Darrelle Revis is not walking through that door, New England Patriots fans.
Well, technically, he is, but it will be as a member of the New York Jets on Sunday, not to help the Patriots’ patchwork secondary.
The Patriots faced the best passing attack they’ll see all season last Sunday, and they employed just two cornerbacks for over three quarters of their defensive snaps.
The Patriots used creativity, with a pinch of desperation, to make up for their lack of cornerback depth, and they survived with a 34-27 win over the Indianapolis Colts. Andrew Luck completed 30 of 50 passes for 312 yards with three touchdowns and no interceptions. He was just 19 of 28 for 169 yards with two scores through three quarters before the Colts completely abandoned their running game, and the Patriots adjusted their coverage, dropping into a deep Cover-2 man under — they’ve been at their best this season in either Cover-1 man or Cover-3 zone.
Malcolm Butler and Logan Ryan were on the field for all 80 defensive snaps, and the Patriots used safeties Patrick Chung and Devin McCourty in hybrid-cornerback roles.
Butler, the Patriots’ No. 1 cornerback, gave up 72 yards, while Ryan let up 51, McCourty allowed 46 and Chung gave up just 22 while covering Colts No. 1 receiver T.Y. Hilton for most of the game. Justin Coleman played 18 snaps and allowed one catch for 27 yards, but the Patriots showed faith in the undrafted rookie by matching him up with Hilton for most of his snaps.
The Patriots also have Rashaan Melvin, who didn’t see a single defensive snap, on their roster as depth. Brandon Dixon, a Jets 2014 sixth-round draft pick, is on the practice squad.
Butler and Ryan will be the starters for the rest of the season, and the Patriots can get by with a combination of Chung, McCourty and Coleman. Chung and McCourty’s strengths are in covering tight ends, while Coleman is agile enough to man the slot.
McCourty is an excellent, All-Pro level free safety, while he’s merely a good NFL cornerback. Still, he’s a better cornerback than most veterans who can be had in trades. Duron Harmon’s emergence as a dependable free safety allows the Patriots to move McCourty closer to the line of scrimmage to play a number of different roles.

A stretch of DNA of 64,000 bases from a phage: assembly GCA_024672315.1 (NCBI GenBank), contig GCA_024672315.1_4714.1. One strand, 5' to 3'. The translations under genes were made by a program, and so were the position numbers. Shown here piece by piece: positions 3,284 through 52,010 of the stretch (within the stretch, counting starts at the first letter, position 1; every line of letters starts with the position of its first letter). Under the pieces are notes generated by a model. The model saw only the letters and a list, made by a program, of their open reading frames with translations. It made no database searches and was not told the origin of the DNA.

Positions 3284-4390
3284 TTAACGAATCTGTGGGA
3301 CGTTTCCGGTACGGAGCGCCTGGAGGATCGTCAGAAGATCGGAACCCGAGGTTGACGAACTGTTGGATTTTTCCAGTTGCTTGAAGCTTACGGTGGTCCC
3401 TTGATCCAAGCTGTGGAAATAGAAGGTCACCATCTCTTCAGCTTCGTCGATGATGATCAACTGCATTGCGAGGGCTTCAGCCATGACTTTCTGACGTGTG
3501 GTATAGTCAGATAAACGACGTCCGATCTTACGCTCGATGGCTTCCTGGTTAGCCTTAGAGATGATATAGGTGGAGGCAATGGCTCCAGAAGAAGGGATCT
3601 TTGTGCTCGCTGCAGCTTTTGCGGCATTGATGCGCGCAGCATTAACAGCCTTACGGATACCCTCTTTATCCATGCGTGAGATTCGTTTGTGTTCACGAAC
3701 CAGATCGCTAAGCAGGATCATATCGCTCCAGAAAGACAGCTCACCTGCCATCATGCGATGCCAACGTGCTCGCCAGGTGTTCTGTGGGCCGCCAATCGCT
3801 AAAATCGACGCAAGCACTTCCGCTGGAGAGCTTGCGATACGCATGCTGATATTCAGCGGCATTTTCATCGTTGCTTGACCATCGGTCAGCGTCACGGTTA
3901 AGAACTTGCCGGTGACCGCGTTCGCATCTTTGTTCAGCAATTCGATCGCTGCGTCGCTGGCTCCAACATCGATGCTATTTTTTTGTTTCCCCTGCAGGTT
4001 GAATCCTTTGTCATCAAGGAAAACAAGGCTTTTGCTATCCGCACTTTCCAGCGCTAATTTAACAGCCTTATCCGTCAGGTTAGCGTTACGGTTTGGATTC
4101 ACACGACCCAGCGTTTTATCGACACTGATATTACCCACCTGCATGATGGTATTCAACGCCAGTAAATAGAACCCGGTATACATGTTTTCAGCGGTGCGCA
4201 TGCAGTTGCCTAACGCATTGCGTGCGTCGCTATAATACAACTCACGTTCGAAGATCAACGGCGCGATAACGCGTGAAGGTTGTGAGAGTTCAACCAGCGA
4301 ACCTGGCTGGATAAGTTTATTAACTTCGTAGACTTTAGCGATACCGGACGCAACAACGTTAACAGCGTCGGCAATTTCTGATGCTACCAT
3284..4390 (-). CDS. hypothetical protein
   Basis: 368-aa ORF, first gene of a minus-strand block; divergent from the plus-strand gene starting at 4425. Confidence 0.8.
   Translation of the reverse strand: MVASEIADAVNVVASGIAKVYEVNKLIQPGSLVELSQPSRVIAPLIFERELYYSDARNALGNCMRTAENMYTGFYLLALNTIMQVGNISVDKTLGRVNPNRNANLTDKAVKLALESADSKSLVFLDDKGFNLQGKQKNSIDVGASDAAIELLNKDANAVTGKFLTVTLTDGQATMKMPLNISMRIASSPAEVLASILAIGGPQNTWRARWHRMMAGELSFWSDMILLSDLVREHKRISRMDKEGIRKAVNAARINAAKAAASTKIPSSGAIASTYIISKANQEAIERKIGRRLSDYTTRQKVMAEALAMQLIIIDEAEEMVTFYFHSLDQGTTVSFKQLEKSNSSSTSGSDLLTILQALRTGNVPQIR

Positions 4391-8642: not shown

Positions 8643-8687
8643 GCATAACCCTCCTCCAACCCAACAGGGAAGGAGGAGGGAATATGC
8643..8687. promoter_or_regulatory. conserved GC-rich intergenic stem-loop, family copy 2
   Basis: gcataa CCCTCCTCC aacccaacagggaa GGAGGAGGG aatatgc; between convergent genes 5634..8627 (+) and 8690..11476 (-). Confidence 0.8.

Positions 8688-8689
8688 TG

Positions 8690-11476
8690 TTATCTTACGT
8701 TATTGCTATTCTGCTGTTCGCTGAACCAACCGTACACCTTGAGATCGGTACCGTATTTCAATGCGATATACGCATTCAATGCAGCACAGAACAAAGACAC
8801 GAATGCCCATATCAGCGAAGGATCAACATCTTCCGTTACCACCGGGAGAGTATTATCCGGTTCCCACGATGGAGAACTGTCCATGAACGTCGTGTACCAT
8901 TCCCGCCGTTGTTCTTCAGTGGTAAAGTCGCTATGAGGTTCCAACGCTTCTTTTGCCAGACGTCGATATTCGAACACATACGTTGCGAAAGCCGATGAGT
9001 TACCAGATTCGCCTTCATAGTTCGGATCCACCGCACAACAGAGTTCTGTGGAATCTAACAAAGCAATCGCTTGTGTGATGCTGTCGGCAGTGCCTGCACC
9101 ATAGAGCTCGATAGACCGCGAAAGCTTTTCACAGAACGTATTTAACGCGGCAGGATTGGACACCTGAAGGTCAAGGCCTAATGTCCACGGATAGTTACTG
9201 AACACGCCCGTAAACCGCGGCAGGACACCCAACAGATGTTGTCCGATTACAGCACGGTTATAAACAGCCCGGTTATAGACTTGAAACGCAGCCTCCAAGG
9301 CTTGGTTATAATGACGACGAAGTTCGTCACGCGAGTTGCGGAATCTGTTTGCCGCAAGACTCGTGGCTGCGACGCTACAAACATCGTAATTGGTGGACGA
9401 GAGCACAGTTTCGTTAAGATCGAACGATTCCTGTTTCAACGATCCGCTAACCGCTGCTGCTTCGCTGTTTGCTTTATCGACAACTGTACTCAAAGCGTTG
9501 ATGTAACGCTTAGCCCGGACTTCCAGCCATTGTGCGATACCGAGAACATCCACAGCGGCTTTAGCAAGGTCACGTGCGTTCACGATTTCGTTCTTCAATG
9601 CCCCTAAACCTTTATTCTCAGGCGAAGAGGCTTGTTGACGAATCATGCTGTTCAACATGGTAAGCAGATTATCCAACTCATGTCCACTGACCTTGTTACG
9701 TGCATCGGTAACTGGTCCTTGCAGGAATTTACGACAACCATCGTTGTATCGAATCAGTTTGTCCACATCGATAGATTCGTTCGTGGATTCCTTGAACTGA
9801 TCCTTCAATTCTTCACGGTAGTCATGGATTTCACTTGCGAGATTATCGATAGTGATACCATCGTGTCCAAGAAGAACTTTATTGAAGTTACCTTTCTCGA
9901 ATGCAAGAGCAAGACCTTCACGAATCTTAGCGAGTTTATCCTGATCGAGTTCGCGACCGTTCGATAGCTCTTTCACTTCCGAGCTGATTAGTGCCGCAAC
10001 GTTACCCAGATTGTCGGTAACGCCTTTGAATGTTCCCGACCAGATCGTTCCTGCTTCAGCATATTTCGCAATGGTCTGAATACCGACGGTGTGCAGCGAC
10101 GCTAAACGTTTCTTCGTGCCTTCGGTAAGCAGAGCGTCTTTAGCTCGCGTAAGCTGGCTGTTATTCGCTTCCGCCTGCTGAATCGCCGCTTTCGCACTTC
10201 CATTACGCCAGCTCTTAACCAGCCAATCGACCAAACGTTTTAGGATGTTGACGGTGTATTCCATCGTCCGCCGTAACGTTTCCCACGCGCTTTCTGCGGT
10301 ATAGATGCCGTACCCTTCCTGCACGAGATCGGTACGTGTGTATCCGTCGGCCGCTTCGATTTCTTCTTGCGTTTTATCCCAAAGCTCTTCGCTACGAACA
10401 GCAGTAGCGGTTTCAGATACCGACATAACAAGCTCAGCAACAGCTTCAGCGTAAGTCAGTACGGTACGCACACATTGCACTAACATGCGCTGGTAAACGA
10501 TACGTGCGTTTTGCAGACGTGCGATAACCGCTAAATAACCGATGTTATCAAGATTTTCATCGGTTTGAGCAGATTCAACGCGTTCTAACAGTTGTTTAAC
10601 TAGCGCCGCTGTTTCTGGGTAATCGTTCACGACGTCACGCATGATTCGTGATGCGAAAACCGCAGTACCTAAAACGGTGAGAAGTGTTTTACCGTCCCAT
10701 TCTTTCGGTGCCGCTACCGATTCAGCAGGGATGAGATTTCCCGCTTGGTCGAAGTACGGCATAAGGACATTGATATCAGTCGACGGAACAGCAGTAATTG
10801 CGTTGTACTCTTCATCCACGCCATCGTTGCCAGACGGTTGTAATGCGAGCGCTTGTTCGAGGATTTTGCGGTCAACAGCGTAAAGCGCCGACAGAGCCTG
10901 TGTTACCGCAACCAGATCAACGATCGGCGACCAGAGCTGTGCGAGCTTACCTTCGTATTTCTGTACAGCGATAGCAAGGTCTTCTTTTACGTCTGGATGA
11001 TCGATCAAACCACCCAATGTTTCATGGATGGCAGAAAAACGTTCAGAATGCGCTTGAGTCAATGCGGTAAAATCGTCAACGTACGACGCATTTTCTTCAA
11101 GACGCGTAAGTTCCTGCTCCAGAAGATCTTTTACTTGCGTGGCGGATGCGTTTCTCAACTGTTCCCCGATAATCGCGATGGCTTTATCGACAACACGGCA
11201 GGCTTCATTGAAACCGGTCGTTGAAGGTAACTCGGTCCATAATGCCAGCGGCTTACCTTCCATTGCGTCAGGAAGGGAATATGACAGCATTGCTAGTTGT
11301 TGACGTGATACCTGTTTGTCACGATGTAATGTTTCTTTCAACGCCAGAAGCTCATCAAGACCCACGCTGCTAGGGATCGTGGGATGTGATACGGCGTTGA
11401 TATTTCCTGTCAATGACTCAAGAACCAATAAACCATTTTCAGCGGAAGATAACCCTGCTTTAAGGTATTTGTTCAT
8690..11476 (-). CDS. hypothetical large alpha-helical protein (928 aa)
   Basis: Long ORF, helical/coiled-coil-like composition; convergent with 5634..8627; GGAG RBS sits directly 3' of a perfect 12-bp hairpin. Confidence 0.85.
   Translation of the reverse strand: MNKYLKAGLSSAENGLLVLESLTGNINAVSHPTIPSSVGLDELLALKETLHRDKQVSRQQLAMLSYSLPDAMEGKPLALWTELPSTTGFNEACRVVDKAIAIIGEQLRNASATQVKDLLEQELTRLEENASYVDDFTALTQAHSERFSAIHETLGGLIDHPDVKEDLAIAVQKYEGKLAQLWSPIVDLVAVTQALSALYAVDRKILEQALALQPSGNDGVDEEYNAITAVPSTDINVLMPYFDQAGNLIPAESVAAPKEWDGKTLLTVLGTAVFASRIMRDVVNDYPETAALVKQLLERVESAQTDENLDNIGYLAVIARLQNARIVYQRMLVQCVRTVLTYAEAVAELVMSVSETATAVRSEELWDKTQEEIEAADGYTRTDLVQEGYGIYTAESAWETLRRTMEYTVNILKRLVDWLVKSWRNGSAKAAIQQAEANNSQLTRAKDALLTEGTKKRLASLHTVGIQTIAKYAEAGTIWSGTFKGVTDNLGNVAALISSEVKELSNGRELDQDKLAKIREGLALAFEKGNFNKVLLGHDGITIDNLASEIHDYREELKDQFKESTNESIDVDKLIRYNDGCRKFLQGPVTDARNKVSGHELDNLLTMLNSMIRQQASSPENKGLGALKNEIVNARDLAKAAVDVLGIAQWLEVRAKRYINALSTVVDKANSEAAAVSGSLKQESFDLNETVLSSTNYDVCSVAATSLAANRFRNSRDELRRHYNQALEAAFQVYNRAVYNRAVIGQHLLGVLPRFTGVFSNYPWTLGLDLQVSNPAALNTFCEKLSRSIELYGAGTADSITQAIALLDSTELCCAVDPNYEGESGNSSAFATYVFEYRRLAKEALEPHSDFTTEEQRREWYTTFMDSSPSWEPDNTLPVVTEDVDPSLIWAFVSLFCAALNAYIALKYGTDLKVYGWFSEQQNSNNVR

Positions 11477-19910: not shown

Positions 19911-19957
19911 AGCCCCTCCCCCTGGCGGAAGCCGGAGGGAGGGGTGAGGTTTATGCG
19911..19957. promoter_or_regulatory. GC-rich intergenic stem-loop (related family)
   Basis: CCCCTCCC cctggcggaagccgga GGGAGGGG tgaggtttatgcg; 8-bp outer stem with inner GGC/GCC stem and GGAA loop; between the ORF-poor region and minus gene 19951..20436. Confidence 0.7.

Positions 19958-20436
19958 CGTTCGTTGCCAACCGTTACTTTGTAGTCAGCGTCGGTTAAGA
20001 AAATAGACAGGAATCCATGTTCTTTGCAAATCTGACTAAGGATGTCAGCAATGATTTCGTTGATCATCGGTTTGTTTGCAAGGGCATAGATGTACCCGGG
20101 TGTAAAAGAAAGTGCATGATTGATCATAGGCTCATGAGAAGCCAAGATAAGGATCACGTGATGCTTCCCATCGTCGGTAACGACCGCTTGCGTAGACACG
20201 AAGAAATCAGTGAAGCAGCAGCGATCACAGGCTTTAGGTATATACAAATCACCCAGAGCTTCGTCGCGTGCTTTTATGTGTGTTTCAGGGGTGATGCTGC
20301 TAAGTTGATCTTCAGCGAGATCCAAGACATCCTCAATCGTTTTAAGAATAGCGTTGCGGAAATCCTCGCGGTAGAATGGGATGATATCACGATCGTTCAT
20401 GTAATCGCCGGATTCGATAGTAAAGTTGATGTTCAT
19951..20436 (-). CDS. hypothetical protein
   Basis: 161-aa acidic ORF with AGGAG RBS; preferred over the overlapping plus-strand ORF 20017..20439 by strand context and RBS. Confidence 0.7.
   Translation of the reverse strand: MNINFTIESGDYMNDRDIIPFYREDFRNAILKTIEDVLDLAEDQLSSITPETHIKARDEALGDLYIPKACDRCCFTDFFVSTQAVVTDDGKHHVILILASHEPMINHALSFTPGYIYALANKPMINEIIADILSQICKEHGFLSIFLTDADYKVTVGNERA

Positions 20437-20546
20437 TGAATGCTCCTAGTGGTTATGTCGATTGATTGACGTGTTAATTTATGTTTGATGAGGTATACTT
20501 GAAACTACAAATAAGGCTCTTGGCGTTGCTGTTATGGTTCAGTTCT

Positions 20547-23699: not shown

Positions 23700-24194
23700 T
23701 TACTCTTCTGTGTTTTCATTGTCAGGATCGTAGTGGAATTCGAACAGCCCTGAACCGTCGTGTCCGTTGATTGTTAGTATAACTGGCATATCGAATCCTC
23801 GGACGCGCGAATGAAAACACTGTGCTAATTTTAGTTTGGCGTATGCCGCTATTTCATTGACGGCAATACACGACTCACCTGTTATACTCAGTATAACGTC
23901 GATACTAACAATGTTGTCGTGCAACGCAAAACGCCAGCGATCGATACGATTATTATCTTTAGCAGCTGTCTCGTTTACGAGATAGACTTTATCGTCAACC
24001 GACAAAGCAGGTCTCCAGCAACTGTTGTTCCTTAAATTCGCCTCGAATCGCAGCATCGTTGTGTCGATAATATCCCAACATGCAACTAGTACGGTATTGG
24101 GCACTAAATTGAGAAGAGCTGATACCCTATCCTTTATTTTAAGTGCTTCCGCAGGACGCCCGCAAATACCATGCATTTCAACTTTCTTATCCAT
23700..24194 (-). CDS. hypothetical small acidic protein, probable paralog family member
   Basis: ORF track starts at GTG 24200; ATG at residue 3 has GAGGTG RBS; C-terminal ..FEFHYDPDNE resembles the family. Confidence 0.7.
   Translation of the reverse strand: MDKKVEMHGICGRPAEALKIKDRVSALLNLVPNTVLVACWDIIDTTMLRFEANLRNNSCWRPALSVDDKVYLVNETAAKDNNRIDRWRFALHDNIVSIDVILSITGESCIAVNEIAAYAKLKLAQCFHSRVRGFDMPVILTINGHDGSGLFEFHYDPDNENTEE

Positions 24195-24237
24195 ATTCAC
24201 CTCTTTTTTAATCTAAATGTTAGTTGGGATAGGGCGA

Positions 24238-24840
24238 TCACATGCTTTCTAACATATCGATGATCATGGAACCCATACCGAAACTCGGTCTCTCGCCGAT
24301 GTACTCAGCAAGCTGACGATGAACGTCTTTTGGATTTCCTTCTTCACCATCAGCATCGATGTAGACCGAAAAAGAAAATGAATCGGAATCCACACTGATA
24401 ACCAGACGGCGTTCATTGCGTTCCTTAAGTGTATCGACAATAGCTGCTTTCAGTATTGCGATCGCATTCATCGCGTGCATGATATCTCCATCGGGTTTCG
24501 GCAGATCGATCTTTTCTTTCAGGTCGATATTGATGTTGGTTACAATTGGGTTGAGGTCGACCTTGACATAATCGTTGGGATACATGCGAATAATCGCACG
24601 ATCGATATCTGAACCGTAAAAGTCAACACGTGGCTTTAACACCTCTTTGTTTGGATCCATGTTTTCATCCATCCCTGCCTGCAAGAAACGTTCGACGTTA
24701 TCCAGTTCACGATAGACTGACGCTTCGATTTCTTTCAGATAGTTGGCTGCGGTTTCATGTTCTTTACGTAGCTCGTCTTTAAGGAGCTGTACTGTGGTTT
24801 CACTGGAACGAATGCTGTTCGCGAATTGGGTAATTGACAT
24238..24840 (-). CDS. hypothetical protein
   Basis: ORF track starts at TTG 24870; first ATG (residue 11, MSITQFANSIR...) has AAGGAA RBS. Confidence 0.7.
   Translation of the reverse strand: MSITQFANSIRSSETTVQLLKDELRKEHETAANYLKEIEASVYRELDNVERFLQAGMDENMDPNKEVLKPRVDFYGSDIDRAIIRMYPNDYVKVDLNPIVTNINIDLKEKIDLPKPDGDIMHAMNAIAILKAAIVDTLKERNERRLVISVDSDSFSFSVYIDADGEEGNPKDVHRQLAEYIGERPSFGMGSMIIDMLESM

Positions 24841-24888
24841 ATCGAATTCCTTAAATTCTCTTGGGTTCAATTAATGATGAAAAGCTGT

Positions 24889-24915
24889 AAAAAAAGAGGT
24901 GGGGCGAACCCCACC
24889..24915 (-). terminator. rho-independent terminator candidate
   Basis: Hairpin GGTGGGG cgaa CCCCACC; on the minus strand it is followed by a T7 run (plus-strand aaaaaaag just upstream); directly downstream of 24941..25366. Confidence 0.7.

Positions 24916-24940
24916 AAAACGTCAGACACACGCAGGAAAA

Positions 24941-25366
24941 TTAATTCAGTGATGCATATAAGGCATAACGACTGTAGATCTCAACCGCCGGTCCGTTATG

In an ideal world, the Patriots would pull off a trade like they did in 2012 for an Aqib Talib-level talent. The issue is that such a player probably doesn’t exist on the trading block this season.
ESPN’s Mike Reiss has mentioned Kansas City Chiefs cornerback — and Rutgers product — Marcus Cooper as a potential acquisition. Fans have clamored for Tampa Bay Buccaneers cornerback Alterraun Verner, while they’ve dreamed of trading for McCourty’s brother, Tennessee Titans cornerback Jason McCourty.
Cooper would be a depth move, Verener doesn’t seem to fit the Patriots’ defensive scheme, and McCourty might be too pricy.
The first place to look when considering potential additions is the 2016 free-agent list, especially on losing teams. Chiefs starter Sean Smith, who has tremendous size at 6-foot-3, 218 pounds, is an appealing option. He’s on the last year of his contract, and the Chiefs are just 1-5. If they lose another game or two before the Nov. 3 trade deadline, perhaps they would be willing to unload Smith for a draft pick. The Chiefs drafted Marcus Peters in the first round of the 2015 NFL Draft, and he’s already playing like a No. 1 cornerback.
Patriots head coach Bill Belichick is close with Chiefs head coach Andy Reid. The two made four trades while Reid was with the Philadelphia Eagles.
Titans cornerback Coty Sensabaugh is also a starter on a losing team. If you travel any further down the 2016 free-agent list, the Patriots might as well just take a gamble on a player like Bill Bentley, who’s gone unsigned as a free agent because of injury concerns, not talent, to add needed depth after Tarell Brown was placed on injured reserve and Bradley Fletcher was cut.
If the Patriots don’t add another dependable cornerback, they’re gambling on durability. The Patriots can get by if Butler and Ryan stay healthy, but the injury bug can bite at any time, and the Patriots should look to add depth at the position, despite what I wrote less than three weeks ago, before Brown was lost and Fletcher was released.
Thumbnail photo via David Butler II/USA TODAY Sports Images